NYT: Can the right kind of play teach self-control

September 29, 2009 at 1:20 am 2 comments

As summarized by the Bay Area Edupreneur News Bulletin:

Over the last few years, a new buzz phrase has emerged among scholars and scientists who study early-childhood development, a phrase that sounds more as if it belongs in the boardroom than the classroom: executive function. Originally a neuroscience term, it refers to the ability to think straight: to order your thoughts, to process information in a coherent way, to hold relevant details in your short-term memory, to avoid distractions and mental traps and focus on the task in front of you. And recently, cognitive psychologists have come to believe that executive function, and specifically the skill of self-regulation, might hold the answers to some of the most vexing questions in education today.

The ability of young children to control their emotional and cognitive impulses, it turns out, is a remarkably strong indicator of both short-term and long-term success, academic and otherwise. In some studies, self-regulation skills have been shown to predict academic achievement more reliably than I.Q. tests.

The problem is that just as we’re coming to understand the importance of self-regulation skills, those skills appear to be in short supply among young American children. In one recent national survey, 46 percent of kindergarten teachers said that at least half the kids in their classes had problems following directions. In another study, Head Start teachers reported that more than a quarter of their students exhibited serious self-control-related negative behaviors, like kicking or threatening other students, at least once a week. Walter Gilliam, a professor at Yale’s child-study center, estimates that each year, across the country, more than 5,000 children are expelled from pre-K programs because teachers feel unable to control them.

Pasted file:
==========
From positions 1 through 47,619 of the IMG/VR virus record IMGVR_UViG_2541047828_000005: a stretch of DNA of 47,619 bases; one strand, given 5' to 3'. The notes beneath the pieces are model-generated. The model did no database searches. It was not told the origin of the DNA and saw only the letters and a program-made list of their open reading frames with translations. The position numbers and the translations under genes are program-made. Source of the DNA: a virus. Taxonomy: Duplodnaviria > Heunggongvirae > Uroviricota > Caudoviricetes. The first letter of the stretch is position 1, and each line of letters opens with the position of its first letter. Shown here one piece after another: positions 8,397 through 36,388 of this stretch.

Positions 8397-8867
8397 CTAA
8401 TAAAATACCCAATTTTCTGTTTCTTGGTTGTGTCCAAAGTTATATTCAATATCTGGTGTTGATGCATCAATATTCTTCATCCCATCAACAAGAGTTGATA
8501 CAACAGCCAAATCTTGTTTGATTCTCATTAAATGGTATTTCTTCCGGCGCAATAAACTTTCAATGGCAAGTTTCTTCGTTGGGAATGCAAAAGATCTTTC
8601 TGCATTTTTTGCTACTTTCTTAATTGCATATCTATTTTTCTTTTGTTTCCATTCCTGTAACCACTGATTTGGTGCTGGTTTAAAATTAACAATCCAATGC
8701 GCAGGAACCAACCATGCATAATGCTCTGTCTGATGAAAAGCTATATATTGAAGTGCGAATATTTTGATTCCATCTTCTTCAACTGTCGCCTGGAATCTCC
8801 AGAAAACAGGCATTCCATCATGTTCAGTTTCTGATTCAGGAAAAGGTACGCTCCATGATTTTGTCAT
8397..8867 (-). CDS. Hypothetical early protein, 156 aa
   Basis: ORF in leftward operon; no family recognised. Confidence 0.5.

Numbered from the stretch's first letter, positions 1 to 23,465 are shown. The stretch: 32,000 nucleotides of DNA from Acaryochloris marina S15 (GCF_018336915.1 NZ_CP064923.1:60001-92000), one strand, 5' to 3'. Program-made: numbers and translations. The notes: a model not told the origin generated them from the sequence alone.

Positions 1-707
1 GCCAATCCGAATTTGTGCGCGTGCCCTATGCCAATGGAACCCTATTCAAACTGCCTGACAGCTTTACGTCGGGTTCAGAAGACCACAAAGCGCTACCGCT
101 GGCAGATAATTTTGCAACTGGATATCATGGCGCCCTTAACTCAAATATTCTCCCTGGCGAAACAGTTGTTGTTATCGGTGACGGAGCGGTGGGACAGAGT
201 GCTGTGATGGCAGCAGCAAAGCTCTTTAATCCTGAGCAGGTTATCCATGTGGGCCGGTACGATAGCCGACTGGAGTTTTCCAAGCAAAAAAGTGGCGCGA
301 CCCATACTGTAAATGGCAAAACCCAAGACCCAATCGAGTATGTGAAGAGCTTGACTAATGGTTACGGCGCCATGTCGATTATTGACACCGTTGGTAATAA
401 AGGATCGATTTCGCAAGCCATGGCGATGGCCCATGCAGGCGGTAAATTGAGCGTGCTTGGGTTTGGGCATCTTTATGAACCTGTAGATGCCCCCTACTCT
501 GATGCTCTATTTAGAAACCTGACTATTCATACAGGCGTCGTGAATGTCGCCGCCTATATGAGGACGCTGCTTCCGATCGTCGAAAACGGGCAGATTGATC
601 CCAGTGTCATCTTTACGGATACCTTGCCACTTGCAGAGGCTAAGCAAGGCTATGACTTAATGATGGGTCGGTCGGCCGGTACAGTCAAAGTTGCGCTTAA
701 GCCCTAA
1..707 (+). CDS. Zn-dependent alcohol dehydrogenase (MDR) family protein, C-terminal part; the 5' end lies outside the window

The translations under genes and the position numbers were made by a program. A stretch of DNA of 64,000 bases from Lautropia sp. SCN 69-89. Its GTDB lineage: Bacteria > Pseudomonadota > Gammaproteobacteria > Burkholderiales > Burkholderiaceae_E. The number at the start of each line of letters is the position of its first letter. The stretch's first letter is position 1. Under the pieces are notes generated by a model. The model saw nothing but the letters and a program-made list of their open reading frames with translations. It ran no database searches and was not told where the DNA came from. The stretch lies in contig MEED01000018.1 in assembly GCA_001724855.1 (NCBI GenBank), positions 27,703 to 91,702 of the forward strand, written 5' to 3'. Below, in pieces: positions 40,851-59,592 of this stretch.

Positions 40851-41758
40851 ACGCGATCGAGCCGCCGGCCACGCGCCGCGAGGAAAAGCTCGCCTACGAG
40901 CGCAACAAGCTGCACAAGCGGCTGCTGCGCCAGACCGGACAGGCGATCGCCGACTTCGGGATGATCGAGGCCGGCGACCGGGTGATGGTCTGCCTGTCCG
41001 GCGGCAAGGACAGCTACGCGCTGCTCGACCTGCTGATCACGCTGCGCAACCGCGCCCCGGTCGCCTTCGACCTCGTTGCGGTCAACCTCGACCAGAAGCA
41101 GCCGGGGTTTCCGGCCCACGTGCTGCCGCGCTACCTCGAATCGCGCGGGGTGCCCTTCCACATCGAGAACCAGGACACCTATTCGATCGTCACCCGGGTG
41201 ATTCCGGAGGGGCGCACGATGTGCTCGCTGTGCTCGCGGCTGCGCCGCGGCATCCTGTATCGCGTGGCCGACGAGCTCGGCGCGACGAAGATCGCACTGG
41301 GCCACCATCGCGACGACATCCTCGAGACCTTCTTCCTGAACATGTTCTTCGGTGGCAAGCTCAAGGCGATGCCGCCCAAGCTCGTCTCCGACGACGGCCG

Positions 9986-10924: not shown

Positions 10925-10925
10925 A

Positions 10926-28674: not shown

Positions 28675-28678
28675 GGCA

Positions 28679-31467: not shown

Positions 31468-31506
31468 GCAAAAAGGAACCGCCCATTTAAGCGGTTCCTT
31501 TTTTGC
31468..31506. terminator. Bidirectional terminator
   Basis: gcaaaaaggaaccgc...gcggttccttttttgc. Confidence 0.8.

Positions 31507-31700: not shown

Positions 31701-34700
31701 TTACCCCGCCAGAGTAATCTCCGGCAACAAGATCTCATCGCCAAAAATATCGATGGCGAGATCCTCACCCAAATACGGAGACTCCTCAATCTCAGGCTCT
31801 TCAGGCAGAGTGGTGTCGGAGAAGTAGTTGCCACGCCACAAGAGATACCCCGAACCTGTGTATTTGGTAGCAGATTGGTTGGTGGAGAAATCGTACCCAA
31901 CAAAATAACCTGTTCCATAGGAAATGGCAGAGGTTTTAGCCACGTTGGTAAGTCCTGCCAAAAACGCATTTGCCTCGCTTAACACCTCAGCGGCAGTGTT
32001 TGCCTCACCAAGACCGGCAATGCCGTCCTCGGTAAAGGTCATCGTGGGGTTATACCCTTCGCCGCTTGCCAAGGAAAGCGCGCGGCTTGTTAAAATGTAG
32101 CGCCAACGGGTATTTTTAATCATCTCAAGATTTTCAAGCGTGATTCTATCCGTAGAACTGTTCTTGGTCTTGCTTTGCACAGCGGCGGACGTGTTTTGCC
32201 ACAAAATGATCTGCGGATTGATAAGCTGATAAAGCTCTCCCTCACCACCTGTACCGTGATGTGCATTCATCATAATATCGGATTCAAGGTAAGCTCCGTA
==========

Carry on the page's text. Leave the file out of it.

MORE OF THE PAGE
http://www.nytimes.com/2009/09/27/magazine/27tools-t.html?em

Advertisements

Entry filed under: play, think. Tags: , , , , , .

Stand Up! Pulling together increases your pain threshold

2 Comments Add your own

  • 1. Kelly Saunderwood  |  December 5, 2009 at 1:14 am

    Hi, i just thought i’d post and let you know your blogs layout is really messed up on the K-Melon browser. Anyhow keep up the good work.

    Reply
  • 2. J.R. Atwood  |  December 5, 2009 at 1:49 am

    Thanks for the note, Kelly. I’m not familiar with the K-Melon browser, but as it becomes more popular, hopefully WordPress will recode their themes to make it viewable. Cheers!

    Reply

Leave a Reply

Fill in your details below or click an icon to log in:

WordPress.com Logo

You are commenting using your WordPress.com account. Log Out / Change )

Twitter picture

You are commenting using your Twitter account. Log Out / Change )

Facebook photo

You are commenting using your Facebook account. Log Out / Change )

Google+ photo

You are commenting using your Google+ account. Log Out / Change )

Connecting to %s

Trackback this post  |  Subscribe to the comments via RSS Feed


Jason R. Atwood

I'm an avid trail runner and doctoral student at U.C. Berkeley who studies motivation and the relationship between the mind and body. This blog is a forum to share research, news, and musings about these topics of interest. More

Play is the beginning of knowledge.

Enter your email address to follow this blog and receive notifications of new posts by email.

Join 87 other followers

Twitter Feed

Error: Twitter did not respond. Please wait a few minutes and refresh this page.


%d bloggers like this: